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» See also 126 mentions

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Showing 1-5 of 99 (next | show all)
Sometimes truth is stranger than fiction, and this book is one of those. It's based on Italy's Jack the Ripper, a serial sex killer in the 1970's - 1980's around Florence, Italy. Apparently, the case of the Monster of Florence formed the basis of the Hannibal Lecter character. The author tells his story of how he became aware of the story of the Monster of Florence while he was living in Italy, and gradually became involved in the story and trying to determine the identity of the killer over time. Preston does a good job of covering the story and keeping interest, especially given that there is no satisfactory concluding chapter since the killer was never conclusively identified. But the author does present information on who he and his Italian collaborator feel was the true Monster of Florence. The book also makes you feel that for all its flaws, it appears that you're better off finding justice in the U.S. court system than under the Italian judicial system.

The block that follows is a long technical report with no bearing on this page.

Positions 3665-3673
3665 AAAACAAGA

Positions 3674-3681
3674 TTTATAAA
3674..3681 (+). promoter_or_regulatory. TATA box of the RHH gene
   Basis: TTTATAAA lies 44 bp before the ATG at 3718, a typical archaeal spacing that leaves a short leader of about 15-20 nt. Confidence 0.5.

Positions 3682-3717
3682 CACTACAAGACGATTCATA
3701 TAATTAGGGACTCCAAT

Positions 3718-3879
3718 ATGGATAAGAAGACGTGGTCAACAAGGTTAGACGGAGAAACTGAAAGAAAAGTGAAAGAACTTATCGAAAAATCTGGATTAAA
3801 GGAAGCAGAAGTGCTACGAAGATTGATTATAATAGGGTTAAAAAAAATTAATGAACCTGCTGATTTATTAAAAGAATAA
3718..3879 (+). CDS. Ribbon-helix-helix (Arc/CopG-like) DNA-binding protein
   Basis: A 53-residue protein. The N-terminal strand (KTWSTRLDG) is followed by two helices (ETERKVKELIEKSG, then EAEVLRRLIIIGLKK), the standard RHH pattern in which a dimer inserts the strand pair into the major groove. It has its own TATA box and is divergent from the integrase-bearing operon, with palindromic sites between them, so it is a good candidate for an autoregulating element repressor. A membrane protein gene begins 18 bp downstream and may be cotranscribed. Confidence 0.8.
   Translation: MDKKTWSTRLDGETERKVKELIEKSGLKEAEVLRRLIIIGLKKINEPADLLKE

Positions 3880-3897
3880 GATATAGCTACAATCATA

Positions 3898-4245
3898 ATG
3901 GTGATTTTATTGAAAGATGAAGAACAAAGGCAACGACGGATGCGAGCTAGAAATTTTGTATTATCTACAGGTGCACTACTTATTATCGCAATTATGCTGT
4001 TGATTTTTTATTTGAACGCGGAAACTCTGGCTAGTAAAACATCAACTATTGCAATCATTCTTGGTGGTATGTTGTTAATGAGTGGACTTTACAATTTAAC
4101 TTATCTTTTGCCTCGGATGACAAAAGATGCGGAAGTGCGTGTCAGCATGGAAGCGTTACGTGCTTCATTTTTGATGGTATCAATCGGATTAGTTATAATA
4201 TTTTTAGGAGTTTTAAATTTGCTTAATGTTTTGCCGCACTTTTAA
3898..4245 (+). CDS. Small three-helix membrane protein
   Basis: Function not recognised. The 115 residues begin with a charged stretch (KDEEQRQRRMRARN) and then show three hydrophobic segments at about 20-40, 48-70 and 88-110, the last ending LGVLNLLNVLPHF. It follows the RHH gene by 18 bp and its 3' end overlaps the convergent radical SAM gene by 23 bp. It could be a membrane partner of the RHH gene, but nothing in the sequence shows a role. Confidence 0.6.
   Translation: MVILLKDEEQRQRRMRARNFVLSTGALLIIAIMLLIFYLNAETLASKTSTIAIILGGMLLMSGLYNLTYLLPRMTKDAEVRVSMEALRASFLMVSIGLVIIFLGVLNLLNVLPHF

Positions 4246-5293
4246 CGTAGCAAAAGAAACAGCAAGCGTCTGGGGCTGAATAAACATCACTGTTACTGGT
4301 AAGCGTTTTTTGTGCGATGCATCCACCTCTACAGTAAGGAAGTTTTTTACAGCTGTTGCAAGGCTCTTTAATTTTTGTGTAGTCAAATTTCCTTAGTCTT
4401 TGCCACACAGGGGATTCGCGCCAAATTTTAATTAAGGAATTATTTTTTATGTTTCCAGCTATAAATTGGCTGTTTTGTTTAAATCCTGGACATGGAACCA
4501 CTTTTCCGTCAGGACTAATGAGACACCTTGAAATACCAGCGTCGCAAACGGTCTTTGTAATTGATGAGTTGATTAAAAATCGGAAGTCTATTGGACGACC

( )
  rsutto22 | Jul 15, 2021 |
Just what are "snacking friends" up to?

This true crime book, published in 2008 details the the investigation of a string of murders which took place on the outskirts of Florence (my second favorite city in Italy, Venice being #1!) from 1974 through 1985. The crimes have never been solved, although there have been several prosecutions and subsequent releases of suspects thought to be the serial killer, dubbed "Il Mostro di Firenze" or "The Monster of Florence".